Every year, Beaconites like to complain about closed-door government affairs that should, by any transparency standards, be open to the public. Currently, lawmakers are in the midst of one of the biggest examples of this: the deliberations of the Standing Finance Committee, when various department heads and high-level government officials try to woo lawmakers into giving them an ample piece of the budgetary pie. Though government issues a report after the deliberations, it is frequently redacted and very often hard to interpret. For all the recent talk of transparency, accountability and good governance spoken into microphones at the House of Assembly chambers and throughout the halls of the Central Administration Building, lawmakers seem to have little appetite to throw actual sunshine on some of the most important government discussions of the year — those directly involving the direction and shape of the now-stressed public purse.
Less than two months away from the start of the 2018 hurricane season, the territory is still filled with reminders of the last one. One significant change has happened, though — the Multi-purpose Sports Complex in Road Town is no longer being used to house dispossessed people. As of last week, the gymnasium that used to be full of cots, air mattresses, clothes and other personal items is now — almost eerily — empty. Several of the people who used to inhabit that space have not moved home, but rather to another shelter on the island. While it’s a positive step forward (and certainly a long time coming) that the sports complex has been returned to its intended purpose, there’s a larger issue at play. Droves of VI residents found themselves homeless after Irma, and still haven’t been able to harness the resources they need to find permanent housing, even six months later. In the short time before the next hurricane season, government should examine what they’ll do if another Irma-like storm hits and the homeless population grows. Many of the designated emergency shelters were damaged last year, and some (at least one on Tortola) still house shelterees. Come June, if the season proves to be as active as last year, government might be forced to reopen the sports complex yet again.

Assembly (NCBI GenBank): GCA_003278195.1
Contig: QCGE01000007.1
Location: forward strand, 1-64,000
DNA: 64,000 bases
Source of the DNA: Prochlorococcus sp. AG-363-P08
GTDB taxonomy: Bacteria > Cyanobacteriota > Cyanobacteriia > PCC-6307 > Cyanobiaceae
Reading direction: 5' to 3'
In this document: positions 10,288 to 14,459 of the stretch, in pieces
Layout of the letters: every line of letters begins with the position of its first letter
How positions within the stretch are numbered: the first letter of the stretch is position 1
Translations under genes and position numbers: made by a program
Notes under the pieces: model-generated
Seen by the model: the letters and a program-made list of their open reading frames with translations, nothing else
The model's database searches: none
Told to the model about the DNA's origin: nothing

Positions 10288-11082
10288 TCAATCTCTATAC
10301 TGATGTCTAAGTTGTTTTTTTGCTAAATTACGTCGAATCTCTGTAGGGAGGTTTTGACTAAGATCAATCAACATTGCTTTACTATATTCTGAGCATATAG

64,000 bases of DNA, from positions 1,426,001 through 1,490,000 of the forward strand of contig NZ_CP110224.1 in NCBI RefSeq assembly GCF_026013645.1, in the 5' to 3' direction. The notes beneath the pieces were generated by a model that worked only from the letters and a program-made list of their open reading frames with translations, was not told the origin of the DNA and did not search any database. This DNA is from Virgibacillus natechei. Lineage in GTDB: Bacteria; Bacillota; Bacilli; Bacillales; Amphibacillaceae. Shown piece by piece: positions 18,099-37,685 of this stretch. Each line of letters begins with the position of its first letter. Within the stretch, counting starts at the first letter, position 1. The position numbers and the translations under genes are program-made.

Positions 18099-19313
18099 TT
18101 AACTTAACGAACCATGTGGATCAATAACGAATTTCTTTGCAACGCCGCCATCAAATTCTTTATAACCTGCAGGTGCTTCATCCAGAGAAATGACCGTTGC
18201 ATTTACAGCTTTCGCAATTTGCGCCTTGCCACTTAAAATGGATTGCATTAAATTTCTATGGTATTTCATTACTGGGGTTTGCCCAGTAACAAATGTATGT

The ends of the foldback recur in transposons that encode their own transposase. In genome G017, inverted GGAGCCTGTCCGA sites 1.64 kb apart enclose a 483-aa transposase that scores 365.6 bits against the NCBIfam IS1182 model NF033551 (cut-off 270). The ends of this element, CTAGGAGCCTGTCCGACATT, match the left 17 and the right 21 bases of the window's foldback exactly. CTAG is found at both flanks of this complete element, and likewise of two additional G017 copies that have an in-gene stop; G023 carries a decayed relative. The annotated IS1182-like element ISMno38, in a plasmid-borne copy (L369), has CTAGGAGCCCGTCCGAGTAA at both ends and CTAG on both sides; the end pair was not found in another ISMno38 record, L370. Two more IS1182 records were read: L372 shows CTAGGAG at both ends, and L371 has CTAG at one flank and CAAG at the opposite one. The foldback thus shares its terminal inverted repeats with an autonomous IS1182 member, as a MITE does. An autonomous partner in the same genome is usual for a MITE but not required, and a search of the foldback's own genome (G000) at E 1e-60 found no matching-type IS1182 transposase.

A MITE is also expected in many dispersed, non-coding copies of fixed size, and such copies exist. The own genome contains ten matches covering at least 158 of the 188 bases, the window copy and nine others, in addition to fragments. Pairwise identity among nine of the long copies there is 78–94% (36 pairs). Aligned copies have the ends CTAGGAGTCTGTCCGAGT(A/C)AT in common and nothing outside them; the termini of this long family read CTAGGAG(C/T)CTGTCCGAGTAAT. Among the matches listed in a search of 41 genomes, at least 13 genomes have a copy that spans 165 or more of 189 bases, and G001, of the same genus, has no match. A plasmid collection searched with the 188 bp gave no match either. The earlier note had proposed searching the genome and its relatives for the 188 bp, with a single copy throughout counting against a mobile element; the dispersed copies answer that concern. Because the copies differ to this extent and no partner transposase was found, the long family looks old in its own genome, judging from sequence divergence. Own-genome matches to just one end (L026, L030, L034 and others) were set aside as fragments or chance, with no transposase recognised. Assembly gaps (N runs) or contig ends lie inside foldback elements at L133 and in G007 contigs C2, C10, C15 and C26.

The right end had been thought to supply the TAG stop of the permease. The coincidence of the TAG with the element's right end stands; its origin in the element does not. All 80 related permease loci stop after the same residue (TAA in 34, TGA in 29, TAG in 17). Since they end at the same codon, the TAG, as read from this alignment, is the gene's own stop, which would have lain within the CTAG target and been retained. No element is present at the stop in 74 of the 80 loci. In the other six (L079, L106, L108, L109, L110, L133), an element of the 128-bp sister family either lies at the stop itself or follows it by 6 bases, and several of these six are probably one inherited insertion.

First press conference
A Beaconite will readily admit that as a younger person, she did not ever really see herself as a journalist, and especially not the type of journalist who attends press conferences and asks hard-hitting questions of high-ranking political figures — such as the premier of the Virgin Islands. A mere six months ago, she had never interviewed a politician at all, and did not expect to. But last week, due to an unexpected set of circumstances involving a last-minute press conference, she found herself doing just that, throwing on a borrowed jacket and rushing off to the Central Administration Building, hoping her outfit would be deemed acceptable for such an event and she would not make a complete and utter fool of herself. Luckily for her, unlike the leaders of some other countries she could name, Premier Dr. Orlando Smith deserves credit for being surprisingly welcoming to reporters he probably does not recognise, even when they are peppering him with questions he would probably prefer not to answer (or like the Beaconite, reading them off a script). He may even recognise the Beaconite the next time he sees her, which is significant given the number of people he meets on a daily basis. In any case, she now knows that she is capable of handling this kind of important task without any major disasters, even though the idea of writing a story about circumnavigating Tortola in a sailboat race remains much less intimidating to her.